We’ve all been there at some point. Maybe you’re at bat for kickball in gym class and you picture yourself doing this awesome Pele-worthy shot but Ack! you misjudged your aim and all of a sudden you’ve done this jerky duck-step over the ball and now your’e crumpling chin-first into the pitcher’s Pumas in the kind of slow motion that lets you see everything coming but leaves you powerless to do anything but yelp in mourning (and in slow motion) for the drop in social cred you are about to suffer the instant you hit that floor while two periods of Mr. Smith’s gym class watch you take yourself immediately to last-picked for all of your future physical education classes.
Yeah, I did that. More than once. (Even despite my superb ability to collide head-on with key members of the opposing team in football or anytime really, rendering them temporarily incapacitated and leaving my teammates to score or touchdown or run as many bases willy-nilly as their feeble preteen hearts desired)
Picture that kind of Middle School terror but with the language you use and the words you say as an adult. Except you don’t know because most people, aside from teachers, are too polite to tell you.
The fact is, foreign languages are hard. No matter how much reviewing you do, you aren’t going to get anywhere if you don’t play around a little and let yourself make mistakes. The best thing, I think, is to laugh about it and move on.
“I’ll have a chicken juice, please!” to the waiter at the Library of Alexandria or “Me ten years old!” to the security guard at the grocery store. “The street is very scared,” said sagely at the Thanksgiving party or “I am so snake!” to a bewildered taxi driver.
Here, for your perusing pleasure, I have listed some of the sillier language gaffs I’ve heard over the past semester. Most of these are Egyptians trying to speak English. I’d list more of mine, but either I don’t make enough or people around me are hesitant to alert me to my mistakes. Egyptian dudes, especially, seem to think it’s adorable that a little blonde Western girl is trying to learn their language, so I make my toddler-speak sentences and everybody claps and feel like I’ve just won “most-improved” in Pee Wee tee-ball… Anyway:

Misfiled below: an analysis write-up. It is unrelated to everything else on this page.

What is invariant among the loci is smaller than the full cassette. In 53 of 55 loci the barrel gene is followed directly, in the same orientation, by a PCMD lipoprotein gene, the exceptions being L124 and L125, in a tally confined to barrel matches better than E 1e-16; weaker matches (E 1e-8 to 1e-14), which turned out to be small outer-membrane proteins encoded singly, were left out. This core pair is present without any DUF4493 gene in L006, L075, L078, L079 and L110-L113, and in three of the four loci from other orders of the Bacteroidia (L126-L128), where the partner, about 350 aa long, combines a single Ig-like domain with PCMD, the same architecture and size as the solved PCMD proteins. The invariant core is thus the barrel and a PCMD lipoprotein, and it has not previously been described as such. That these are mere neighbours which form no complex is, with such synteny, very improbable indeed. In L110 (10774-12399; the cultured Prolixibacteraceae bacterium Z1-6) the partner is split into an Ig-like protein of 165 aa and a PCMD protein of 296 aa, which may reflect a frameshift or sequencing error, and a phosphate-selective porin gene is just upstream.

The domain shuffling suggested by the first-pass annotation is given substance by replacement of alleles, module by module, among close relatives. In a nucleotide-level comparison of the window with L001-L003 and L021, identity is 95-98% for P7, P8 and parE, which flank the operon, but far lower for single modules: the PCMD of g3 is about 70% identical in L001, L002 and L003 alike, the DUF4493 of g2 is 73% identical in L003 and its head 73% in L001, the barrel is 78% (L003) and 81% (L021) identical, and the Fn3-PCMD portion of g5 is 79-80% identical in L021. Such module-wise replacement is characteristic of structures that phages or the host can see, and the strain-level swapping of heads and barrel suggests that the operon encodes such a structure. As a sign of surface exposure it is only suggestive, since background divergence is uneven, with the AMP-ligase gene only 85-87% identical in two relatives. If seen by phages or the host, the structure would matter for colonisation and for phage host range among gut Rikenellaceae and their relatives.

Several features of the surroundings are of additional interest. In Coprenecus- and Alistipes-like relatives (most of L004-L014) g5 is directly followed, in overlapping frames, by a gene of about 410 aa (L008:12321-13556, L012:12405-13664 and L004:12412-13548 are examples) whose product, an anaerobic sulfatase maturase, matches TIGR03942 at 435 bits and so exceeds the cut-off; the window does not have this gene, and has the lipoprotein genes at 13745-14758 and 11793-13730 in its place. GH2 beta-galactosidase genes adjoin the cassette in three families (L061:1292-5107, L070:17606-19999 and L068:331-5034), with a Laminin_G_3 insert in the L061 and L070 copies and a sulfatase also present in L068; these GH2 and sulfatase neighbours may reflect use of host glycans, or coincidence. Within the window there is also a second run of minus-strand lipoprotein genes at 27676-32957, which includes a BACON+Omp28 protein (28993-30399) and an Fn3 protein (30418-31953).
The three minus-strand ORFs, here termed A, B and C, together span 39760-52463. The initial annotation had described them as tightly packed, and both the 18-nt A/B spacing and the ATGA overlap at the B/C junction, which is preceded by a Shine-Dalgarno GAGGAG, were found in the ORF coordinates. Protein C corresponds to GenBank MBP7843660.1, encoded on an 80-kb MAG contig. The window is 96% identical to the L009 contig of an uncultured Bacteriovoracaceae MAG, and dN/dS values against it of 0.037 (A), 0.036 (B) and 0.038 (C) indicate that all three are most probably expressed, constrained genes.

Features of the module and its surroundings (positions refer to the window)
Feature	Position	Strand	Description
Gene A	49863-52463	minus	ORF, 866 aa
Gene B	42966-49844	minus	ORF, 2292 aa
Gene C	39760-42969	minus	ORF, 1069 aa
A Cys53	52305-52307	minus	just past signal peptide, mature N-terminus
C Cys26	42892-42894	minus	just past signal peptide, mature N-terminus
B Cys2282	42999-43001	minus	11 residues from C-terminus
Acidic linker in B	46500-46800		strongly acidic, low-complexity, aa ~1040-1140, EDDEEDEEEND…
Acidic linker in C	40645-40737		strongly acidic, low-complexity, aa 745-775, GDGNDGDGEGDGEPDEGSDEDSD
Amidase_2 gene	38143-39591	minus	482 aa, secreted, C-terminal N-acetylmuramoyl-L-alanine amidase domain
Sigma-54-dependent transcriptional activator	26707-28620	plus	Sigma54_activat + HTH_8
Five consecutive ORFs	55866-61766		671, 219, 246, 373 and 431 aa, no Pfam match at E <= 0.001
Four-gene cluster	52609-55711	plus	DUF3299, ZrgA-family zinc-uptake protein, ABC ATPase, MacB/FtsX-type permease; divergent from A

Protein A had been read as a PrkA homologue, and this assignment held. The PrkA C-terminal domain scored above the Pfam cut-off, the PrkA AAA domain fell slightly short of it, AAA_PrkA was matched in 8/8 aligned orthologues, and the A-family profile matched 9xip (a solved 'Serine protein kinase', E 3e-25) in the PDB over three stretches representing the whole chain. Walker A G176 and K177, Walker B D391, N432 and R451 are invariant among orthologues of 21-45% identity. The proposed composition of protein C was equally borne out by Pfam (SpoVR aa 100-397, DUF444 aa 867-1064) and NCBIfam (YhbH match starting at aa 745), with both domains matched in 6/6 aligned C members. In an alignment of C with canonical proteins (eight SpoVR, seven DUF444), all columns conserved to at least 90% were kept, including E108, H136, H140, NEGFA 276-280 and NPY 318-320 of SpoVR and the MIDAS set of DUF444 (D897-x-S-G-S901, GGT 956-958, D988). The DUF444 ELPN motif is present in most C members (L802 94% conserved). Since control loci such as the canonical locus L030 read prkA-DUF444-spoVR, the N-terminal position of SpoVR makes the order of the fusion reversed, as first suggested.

- Ouch! I stuped my toy!
- We will make a chicken=We will check in.
- Ew! That makes me want to pook! (puke)
- queasy-state = quasi-state
- Whose nose? = Who knows?
- Hello. Bitch? = Hello, foreigner. Do you wish to enter the beach?
- To pee or not to pee
- It’s so excited = It’s so exciting
- Beer in mind
- go with the flu! = go with the flow!
- I’m so easy! = I’m very flexible
- intercourse = discourse
- We will not let him get late! (read that one aloud to know what I mean)
- Cut the crab!
- I’ll have beetch! = I will have some peach (gelato)
- the Egyptian delicate = the Egyptian dialect
- the best one so far: one of my classmates was trying to make a comparative-superlative sentence using Goldilocks. Our fusha professor turned to the class and asked “Googlelax?! Who is Googlelax?”
And a cautionary tale: pay attention to pronunciation!
Dave was a pretty cool dude in my German class. He could conjugate verbs well, had enough vocabulary to talk about going to the supermarket for a good five minutes, and had a solid comprehension of Oktoberfest. The only problem was that he was overenthusiastic about certain words and the teacher either didn’t notice or didn’t have the heart to correct the poor sap, since Dave didn’t know exactly how important the subtleties of “schw” versus “zw” in German pronunciation. In most cases, he’d be well understood, but in one case the problem was particularly severe:
Dave had no idea, but 20 in German is “Zwanzig” while what he was saying, “Schwanzig,” though sounding appropriately Deutsch to the untrained ear, means “Penis-y.”
We staged an intervention.